The Seattle City Council voted unanimously Tuesday to permanently give most gig workers paid sick leave and paid safe time, the latest in the expansion of labor rights for app-based workers, and the first statute of its kind nationally.

The vote broadens and cements the pandemic-era policy that previously allowed food delivery workers to accrue paid sick and safe time, or PSST, until April 30, six months after the end of the city’s emergency order.

Maria Hernandez, who has worked for DoorDash and Uber Eats since 2019, said when she was treated for breast cancer, she was not given adequate time to heal after surgery because she was not given paid leave.

“Because I don’t have much savings and I have many bills to pay monthly, after one-third of the recommended time to not work from the doctors, I had to return to making deliveries,” Hernandez wrote in a statement that she delivered to the council in Spanish, before an interpreter read it in English.

“This new permanent law will help create more than a free day for anyone who is sick. It will give us tranquillity and some peace in our hearts,” she added.

The policy is the latest in a string of protections added for on-demand gig workers since the pandemic. It follows the unanimous approval of a minimum pay and mileage bill last spring, part of the council’s “Pay Up” suite of labor protections.


“The pandemic has shown us that we all benefit when people are able to take a day off when they’re sick or their loved one is sick. And we have to let people stay home to stay healthy,” at-large Councilmember Teresa Mosqueda, who sponsored the bill, said in an interview Monday.

The policy extends protections for food delivery workers covered during the pandemic that would have expired May 1. On Jan. 13, 2024, the legislation will expand to cover all workers included in the minimum pay ordinance, including all “on-demand” gig workers, like those on DoorDash, Postmates, Instacart and similar apps.

Workers will accrue one day of PSST for every 30 days “with at least one work-related stop in Seattle (e.g., shopping at a store in Seattle, making a delivery in Seattle),” according to a memo from council central staff. Beginning in 2024, accrual rates will be determined by a worker’s average daily earnings, excluding tips.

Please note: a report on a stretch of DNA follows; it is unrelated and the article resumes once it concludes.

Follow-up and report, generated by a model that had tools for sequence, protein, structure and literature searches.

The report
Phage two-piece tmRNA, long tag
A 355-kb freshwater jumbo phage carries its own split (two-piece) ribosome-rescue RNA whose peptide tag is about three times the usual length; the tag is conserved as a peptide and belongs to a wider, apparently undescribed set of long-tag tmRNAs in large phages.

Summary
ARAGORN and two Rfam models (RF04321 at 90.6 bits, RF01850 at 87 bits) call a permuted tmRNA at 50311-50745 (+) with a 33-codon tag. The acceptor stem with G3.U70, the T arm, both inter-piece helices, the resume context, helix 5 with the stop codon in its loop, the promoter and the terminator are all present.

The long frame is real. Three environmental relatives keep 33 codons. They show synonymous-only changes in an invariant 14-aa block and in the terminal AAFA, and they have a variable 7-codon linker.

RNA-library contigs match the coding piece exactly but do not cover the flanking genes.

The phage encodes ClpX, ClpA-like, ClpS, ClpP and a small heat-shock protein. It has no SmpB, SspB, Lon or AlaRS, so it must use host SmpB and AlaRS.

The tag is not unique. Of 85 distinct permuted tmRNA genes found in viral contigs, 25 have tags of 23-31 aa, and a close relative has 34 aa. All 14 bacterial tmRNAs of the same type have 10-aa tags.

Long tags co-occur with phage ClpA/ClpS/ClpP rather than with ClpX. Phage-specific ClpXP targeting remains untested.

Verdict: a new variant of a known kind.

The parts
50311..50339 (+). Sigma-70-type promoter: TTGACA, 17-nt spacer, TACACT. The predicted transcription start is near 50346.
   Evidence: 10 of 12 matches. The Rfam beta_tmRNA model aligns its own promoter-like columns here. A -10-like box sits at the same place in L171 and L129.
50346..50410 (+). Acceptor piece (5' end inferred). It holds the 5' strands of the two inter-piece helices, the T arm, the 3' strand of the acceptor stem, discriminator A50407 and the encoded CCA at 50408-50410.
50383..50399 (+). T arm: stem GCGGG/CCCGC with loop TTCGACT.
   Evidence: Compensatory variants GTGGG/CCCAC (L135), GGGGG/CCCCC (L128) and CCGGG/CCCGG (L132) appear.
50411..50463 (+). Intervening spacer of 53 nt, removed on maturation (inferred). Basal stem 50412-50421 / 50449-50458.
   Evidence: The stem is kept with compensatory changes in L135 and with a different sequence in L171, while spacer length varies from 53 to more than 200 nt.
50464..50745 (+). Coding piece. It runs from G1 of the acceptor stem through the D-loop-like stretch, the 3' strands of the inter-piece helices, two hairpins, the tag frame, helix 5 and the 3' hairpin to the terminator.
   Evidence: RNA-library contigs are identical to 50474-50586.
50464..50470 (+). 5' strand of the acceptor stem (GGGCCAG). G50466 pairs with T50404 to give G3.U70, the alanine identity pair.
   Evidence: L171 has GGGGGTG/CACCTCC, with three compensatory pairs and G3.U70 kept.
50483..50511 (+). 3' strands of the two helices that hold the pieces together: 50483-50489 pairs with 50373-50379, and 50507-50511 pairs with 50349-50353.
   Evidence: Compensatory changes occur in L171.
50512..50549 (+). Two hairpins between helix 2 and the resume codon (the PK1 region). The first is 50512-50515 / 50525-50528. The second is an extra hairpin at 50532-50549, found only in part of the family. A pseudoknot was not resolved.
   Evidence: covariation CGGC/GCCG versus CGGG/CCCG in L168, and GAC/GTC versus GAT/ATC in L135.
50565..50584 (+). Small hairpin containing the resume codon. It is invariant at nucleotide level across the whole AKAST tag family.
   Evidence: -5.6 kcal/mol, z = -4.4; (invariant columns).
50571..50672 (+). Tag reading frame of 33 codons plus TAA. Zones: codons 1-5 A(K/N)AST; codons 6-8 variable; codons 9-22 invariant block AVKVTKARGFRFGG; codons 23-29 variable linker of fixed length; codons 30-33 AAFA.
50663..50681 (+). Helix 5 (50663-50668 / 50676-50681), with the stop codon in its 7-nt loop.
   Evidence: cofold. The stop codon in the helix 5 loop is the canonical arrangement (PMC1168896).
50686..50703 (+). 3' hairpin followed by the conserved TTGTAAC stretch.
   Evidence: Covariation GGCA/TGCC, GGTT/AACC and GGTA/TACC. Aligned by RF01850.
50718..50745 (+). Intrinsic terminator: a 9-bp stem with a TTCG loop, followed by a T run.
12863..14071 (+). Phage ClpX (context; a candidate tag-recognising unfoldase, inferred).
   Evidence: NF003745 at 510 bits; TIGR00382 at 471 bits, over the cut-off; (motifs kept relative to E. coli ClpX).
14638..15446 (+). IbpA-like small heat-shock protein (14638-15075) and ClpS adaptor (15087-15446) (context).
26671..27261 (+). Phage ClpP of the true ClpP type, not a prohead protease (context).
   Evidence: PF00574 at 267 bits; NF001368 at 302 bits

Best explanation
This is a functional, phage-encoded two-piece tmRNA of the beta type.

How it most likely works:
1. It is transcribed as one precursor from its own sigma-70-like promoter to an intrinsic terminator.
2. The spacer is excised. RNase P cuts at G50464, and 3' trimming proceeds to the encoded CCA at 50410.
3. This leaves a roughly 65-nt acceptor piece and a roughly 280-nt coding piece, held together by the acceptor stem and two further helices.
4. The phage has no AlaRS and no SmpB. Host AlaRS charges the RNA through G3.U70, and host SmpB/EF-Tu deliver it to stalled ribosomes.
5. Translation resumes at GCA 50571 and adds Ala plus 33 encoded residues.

Danielle Alvarado, executive director of Working Washington, a workers advocacy group, said that Tuesday’s vote was an important step in the council’s work to protect workers who don’t have a traditional employer.

“We had, during the pandemic, so many workers who were really on the front lines doing work that was critical to everybody else being able to stay safe without having some of that basic protection,” Alvarado said. “So this is us realizing that, as we go forward, there is another way that allows workers to keep themselves safe and healthy, which keeps everybody else healthy too.”

Workers for transportation network companies like Uber and Lyft are already covered under a Washington state law, which allowed workers to accrue one hour of paid sick time per 40 hours worked, beginning this year.

Neither the leave nor wage policies include gig workers who set their own rates on marketplace apps like TaskRabbit. Council members said they’re committed to researching ways to protect marketplace workers at a later date.

In the future, Alvarado says Working Washington will work with the City Council to address protections for workers from being wrongfully deactivated from gig apps and expanding wage and PSST protections to marketplace workers.